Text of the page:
Ever wondered what happens to your food waste when it’s put out for recycling?
Well, one household’s weekly food waste can be converted into enough green energy able to power two loads of washing and a single banana peel can charge a mobile phone twice!
On World Environment Day, the Scottish Government is calling on people throughout Scotland to help transform enemy to energy by reducing and recycling their food waste.
Households are currently responsible for 600,000 tonnes of food waste in Scotland, but through local collections it is being put to good use.
The anaerobic digestion (AD) facility Energen Biogas in Cumbernauld is at the forefront of this conversion.
It recycles 17,000 tonnes of household food waste each year, converting it into green electricity. This is then put back into the grid to help power Scottish households.
The Cumbernauld plant now generates enough to power over 5,500 homes and supplies local farmers with bio-fertiliser for more than 1,000 hectares of land.
Energen Biogas is just one of nine Scottish AD sites helping to reduce the amount of food waste going to landfill by creating renewable energy via AD.
The electricity generated is exported to the national grid, and some of the biogas produced is injected into the national gas grid network.
Robert Etherson, Managing Director at Energen Biogas, said: “Food waste that is sent to landfill is a major contributor to harmful greenhouse gases in the UK. We want to show the nation just how valuable their food waste can be if recycled properly.
“Here at Energen, we transform potentially harmful food waste into green energy. It’s certainly not the most glamorous of process, however, its crucial in the fight against climate change and puts Scotland at the forefront of food waste recycling.”
Alison McKinnie, Project Manager at Zero Waste Scotland said: “It’s positive to see the nation paying attention to the current global climate emergency. The best thing people can do to combat food waste is reduce how much food they throw out in the first place, through steps such as better planning of food shopping.
“Some food waste is unavoidable, however, such as banana peel or apple cores. When this food waste rots in landfill it produces methane, which is one of the most damaging greenhouse gases.
“Recycling this unavoidable food waste can prevent that from happening and turn this unavoidable food waste from a problem into something positive. Over half of Scottish households are now recycling their food waste but more needs to be done. Our aim is to increase that figure in 2019 and beyond.
“AD plants are testament to what amazing things we can achieve from something as simple as effectively recycling our unavoidable food waste and it’s great to see that in action here.”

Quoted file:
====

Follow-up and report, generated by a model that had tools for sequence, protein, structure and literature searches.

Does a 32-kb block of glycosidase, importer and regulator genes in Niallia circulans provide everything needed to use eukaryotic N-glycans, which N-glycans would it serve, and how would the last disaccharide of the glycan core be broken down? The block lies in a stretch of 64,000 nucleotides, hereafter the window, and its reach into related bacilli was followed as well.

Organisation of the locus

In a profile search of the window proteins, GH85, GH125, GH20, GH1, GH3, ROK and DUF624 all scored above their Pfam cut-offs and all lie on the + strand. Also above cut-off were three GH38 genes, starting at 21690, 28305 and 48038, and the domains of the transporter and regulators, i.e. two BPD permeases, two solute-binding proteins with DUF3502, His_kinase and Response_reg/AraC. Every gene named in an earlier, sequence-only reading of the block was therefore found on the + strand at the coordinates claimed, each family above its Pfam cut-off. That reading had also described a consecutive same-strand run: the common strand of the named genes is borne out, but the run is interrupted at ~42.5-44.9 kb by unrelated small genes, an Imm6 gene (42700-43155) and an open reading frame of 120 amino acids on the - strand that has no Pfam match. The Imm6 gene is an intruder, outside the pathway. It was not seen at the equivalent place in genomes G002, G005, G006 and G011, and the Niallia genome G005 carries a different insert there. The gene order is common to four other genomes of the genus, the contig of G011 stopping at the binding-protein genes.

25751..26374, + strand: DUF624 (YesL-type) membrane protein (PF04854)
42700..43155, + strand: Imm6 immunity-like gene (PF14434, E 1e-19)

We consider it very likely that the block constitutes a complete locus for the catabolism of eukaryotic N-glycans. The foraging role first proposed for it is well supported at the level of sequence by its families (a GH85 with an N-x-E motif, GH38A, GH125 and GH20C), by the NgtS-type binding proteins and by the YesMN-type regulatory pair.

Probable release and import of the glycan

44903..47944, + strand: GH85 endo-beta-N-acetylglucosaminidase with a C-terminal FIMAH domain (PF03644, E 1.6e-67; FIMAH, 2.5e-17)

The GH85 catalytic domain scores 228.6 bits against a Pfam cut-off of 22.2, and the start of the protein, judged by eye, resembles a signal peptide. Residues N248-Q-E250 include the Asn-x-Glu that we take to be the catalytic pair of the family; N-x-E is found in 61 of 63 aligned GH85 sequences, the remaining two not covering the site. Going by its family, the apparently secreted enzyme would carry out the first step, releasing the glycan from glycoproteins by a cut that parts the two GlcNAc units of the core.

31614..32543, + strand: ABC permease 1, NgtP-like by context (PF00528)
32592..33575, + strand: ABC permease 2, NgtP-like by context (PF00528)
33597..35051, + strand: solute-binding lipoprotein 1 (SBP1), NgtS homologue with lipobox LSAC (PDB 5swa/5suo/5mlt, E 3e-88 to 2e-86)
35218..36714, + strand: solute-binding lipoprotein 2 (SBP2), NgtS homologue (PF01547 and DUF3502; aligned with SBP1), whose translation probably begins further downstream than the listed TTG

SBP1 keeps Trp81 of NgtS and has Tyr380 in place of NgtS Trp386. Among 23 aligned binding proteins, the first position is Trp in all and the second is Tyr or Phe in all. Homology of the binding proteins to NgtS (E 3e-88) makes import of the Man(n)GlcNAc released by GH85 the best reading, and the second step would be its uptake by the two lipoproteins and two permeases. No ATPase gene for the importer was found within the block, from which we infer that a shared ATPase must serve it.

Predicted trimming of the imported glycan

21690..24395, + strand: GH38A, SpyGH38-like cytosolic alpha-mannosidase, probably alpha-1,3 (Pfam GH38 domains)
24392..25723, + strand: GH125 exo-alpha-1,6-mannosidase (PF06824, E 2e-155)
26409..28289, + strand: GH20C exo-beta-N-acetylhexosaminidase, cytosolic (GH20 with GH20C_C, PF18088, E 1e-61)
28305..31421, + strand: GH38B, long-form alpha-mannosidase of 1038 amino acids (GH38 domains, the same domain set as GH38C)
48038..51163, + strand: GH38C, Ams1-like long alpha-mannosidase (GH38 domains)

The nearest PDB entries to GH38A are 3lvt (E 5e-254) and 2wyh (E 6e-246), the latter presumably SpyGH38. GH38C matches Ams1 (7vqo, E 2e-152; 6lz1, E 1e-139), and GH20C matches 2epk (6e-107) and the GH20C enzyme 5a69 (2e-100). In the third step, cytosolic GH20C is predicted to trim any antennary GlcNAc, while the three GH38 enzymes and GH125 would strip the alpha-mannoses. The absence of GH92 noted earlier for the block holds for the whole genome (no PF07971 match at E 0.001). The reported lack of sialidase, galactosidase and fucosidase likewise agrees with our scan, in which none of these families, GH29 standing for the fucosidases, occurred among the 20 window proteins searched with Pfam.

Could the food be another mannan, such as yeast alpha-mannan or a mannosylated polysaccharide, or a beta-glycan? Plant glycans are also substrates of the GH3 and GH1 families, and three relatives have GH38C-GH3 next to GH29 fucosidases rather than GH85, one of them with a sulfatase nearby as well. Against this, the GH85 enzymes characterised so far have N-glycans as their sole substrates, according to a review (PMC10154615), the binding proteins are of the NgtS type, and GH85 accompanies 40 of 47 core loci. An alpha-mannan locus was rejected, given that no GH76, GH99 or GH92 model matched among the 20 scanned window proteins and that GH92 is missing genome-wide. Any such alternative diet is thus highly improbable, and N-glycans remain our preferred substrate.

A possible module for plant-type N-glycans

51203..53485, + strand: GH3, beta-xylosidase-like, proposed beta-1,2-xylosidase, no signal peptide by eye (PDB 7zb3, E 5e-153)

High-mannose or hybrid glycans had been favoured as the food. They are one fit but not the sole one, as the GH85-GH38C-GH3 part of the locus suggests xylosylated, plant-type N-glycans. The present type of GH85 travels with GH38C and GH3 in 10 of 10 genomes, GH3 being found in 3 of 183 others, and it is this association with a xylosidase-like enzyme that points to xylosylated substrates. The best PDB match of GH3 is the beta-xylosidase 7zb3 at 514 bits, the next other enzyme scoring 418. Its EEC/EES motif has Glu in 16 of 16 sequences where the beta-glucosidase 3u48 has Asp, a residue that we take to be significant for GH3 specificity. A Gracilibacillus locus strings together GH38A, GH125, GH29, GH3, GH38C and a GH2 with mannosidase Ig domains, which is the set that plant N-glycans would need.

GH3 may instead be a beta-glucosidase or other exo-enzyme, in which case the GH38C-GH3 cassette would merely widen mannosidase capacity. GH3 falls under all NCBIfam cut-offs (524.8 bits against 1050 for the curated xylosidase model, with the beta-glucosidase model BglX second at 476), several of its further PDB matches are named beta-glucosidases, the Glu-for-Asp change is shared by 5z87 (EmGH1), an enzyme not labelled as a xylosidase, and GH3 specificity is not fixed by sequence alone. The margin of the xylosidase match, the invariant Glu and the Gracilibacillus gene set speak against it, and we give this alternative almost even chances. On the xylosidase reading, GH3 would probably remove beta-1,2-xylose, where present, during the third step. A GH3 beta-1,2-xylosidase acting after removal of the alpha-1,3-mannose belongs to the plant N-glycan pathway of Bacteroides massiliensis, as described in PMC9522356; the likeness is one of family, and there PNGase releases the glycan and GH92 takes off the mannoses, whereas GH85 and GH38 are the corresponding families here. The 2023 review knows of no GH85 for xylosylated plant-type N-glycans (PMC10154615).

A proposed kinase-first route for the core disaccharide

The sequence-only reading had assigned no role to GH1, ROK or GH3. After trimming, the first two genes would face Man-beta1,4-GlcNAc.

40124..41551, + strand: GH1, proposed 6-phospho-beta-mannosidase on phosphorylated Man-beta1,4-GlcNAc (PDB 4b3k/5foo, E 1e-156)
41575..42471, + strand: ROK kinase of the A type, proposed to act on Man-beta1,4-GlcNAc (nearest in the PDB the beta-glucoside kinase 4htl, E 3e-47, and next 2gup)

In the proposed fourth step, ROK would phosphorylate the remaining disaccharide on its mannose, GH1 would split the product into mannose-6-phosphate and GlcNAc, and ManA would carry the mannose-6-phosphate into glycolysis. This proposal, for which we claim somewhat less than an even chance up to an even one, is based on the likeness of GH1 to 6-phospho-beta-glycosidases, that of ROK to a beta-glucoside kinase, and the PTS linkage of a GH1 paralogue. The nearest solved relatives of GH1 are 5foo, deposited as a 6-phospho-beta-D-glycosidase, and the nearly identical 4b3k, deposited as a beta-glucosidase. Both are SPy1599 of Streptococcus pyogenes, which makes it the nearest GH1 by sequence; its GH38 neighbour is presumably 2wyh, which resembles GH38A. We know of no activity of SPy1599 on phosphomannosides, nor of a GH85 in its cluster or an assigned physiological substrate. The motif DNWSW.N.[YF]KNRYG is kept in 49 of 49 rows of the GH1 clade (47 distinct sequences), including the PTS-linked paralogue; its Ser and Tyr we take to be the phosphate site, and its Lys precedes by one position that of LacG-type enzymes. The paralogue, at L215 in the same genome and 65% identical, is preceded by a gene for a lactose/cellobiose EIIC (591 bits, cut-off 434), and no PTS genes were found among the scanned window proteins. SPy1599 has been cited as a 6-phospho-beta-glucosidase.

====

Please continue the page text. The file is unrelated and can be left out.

Zero Waste Scotland and the Scottish Government have published a Food Waste Reduction Action Plan, which aims to reduce the nation’s food waste by a third by 2025.
Most of Scotland’s food waste is generated by households, and is recycled via local food waste collections.
Food caddies are provided by local councils which are collected and transported to the AD and composting facilities.
These AD facilities use microorganisms to break down food waste. As food waste breaks down it gives off methane gas, which is collected and converted into biogas and used to generate electricity, heat, gas for the national gas grid or transport fuels.
People should recycle food waste in the caddies, and any food packaging should be recycled via the other recycling services provided by local councils.
Environment Secretary Roseanna Cunningham said: “Food Waste is a global issue with an estimated 1.3billion tonnes wasted every year. Whilst some food waste is unavoidable, it is important that the people of Scotland understand how they can make a positive impact on their environment by reducing the amount of food they waste and recycling unpreventable food waste.
“I want everyone to be empowered by the message that a behaviour change as simple as choosing to recycle food waste can convert it from being extremely harmful to the environment to something that becomes beneficial both as green electricity that can be fed back into the national grid and as good quality natural fertiliser that will help crops to grow.”
For tips on reducing and recycling food waste, visit greenerscotland.org.
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